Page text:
If there was any doubt about the Los Angeles Dodgers‘ resolve to win their first World Series since 1988, let July 31, 2017, be marked as the date it disappeared.
The Dodgers warmed up on trade deadline day by grabbing two left-handers for their bullpen: Tony Watson from the Pittsburgh Pirates and Tony Cingrani from the Cincinnati Reds. And then, as the buzzer sounded at 4 p.m. ET, came the coup de grâce: a trade for Texas Rangers ace right-hander Yu Darvish.
Or, put another way: The best team in Major League Baseball added the best pitcher on the trade market.
That’s not a small haul going to Texas.
Willie Calhoun, a second baseman, checked in as the Dodgers’ No. 4 prospect at MLB.com. A.J. Alexy, a right-hander, and Brendon Davis, an infielder, checked in at No. 17 and No. 27, respectively.
"If not now, when?"
The Dodgers have been efforting for a World Series title since Magic Johnson and a group of deep-pocketed investors took over in 2012. The process has been largely successful, producing four NL West titles since 2013. Yet also disappointing, as the World Series has remained elusive.
But even before Monday’s events, those four teams already looked like little league squads next to the 2017 Dodgers.
It says a lot that they’re an MLB-best 74-31 and on pace for 114 wins. What says even more is that they’re 65-20 since a 9-11 start. That’s a .765 winning percentage, or a 124-win pace over a full season.
And now they have Darvish.
A guy with a 4.01 ERA through 22 starts might only seem like good-not-great upgrade. But Darvish’s ERA is skewed by his most recent outing, in which he got lit up for 10 runs by the Miami Marlins.
That would be a red flag if the 30-year-old was showing signs of injury. But as Passan heard, the real explanation is much more benign:
Before that outing, Darvish was rocking a 3.44 ERA and striking out 9.7 per nine innings while walking only 2.9 per nine innings. Typical stuff for a guy with a 3.42 ERA since 2012.
That comes out to a 125 adjusted ERA+, which ties Madison Bumgarner for ninth among pitchers who’ve made over 100 starts since 2012.
“Every team in baseball would want Yu Darvish. That’s easy," Dodgers manager Dave Roberts said last week, per Bill Shaikin of the Los Angeles Times.
Of course, Darvish probably wouldn’t be a Dodger if not for the injury to Clayton Kershaw.
The three-time Cy Young Award winner and current MLB ERA leader exited his July 23 start early with a bad back and is now on the disabled list. For the time being, Darvish will effectively be filling his shoes.
Yet the Dodgers rotation was hardly helpless outside of Kershaw.
Alex Wood has pitched like an ace. Rich Hill has recently joined the club. Brandon McCarthy, Kenta Maeda and Hyun-Jin Ryu have been solid. And all told, Dodgers starters lead baseball in ERA (3.25) and in FanGraphs WAR (13.0).
The Dodgers certainly have enough starting pitching to hold on to their 14-game lead in the NL West. And if Kershaw returns in September as expected, the Dodgers rotation will be reforged into a weapon perfectly capable of cutting through October.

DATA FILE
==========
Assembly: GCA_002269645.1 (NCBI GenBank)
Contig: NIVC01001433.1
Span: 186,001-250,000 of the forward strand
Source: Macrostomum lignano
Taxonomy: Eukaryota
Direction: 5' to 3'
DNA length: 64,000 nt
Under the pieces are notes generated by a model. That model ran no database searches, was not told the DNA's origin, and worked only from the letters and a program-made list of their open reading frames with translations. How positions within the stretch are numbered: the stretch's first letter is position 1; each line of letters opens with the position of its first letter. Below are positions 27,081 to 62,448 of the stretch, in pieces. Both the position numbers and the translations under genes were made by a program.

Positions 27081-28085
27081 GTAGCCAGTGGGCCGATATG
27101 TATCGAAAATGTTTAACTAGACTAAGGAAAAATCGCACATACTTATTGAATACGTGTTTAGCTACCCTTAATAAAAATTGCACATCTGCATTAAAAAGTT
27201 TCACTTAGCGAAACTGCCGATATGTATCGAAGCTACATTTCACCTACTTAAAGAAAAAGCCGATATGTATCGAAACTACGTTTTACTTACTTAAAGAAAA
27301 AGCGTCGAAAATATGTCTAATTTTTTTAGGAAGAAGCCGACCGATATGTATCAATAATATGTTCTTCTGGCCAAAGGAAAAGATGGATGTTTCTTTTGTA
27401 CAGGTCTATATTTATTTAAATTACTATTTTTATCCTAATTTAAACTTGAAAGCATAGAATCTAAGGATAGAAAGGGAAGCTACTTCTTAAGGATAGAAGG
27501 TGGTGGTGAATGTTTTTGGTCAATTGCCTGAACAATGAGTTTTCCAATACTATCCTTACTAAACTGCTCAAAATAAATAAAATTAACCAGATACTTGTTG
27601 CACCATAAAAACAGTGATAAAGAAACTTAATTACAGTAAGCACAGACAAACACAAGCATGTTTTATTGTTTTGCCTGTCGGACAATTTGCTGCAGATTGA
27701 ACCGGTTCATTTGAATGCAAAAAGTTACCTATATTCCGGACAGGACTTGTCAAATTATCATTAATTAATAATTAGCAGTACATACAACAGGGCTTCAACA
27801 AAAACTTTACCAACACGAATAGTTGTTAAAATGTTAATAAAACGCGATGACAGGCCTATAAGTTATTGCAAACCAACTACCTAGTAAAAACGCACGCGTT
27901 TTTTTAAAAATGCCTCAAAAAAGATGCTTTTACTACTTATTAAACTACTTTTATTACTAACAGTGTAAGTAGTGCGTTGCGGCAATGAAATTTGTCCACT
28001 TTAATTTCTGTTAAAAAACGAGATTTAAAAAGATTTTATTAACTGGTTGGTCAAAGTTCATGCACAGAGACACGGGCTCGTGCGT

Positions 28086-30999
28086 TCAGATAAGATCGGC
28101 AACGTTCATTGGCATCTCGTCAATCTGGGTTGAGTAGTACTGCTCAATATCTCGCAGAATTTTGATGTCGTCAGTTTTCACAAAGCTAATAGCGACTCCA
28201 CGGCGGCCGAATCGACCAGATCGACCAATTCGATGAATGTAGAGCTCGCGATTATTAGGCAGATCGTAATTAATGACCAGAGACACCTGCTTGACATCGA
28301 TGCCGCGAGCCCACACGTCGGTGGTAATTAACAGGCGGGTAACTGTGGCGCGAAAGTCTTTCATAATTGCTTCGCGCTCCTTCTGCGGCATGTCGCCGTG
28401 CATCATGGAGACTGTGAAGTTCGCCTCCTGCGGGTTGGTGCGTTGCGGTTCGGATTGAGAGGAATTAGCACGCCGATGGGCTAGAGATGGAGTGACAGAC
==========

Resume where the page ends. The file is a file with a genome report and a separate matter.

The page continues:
The rest of the team is not too shabby either.
Led by Justin Turner, Corey Seager and super-rookie Cody Bellinger, the Dodgers are the only National League team with nine players who’ve taken more than 150 plate appearances and qualify as above-average hitters with an OPS+ over 100.
Dodgers hitters can also pick it. Per Baseball Prospectus, they’re tied with the Cubs for first in the NL in defensive efficiency.
Last but not least is a bullpen that, like the starting rotation, was already excellent. Dodgers relievers rank second in ERA (2.83) and FanGraphs WAR (5.7). In Watson and Cingrani, Roberts now has a couple of hard-throwing lefties to put to work in front of Kenley Jansen.
So how good are the Dodgers’ odds of winning the World Series?
According to Baseball Prospectus, way ahead of any other team’s odds:
|Rank||Team||WS Win %|
And the scary part: These odds haven’t yet been updated to account for Monday’s trade activity.
The obligatory word of warning is that this guarantees nothing.
The Dodgers are a runaway train now, but eventually they’ll come to a landscape where all bets are off. Extreme unpredictability has long been a defining characteristic of the MLB postseason. The 2017 Dodgers wouldn’t be the first superteam to be felled by it.
However, it was just last year that a superteam was the last squad left standing. It wasn’t always easy, but in the end the 2016 Cubs were simply better than everyone.
These Dodgers are much like those Cubs. They’re built to win every phase of the game and generally leave only microscopic nits to pick.
At least among the National League competition standing between the Dodgers and the World Series, it’s hard to say the same.
The Cubs have begun to resemble the team they were last year, but they may not be free of the inconsistent hitting and pitching that have dogged them for much of the year. The Washington Nationals have a great lineup and rotation but have made only half-measure fixes to one of baseball’s worst bullpens.
It was impossible to have this much confidence in recent Dodgers teams. They were always good but always flawed, with a typical problem being an over-reliance on their stars.
This year’s Dodgers haven’t had that problem, and indeed have had few problems in general.
And on Monday, they set themselves up to remain problem-free all the way to the World Series.
via Bleacher Report – Front Page http://ift.tt/yO6Sgr
July 31, 2017 at 04:34PM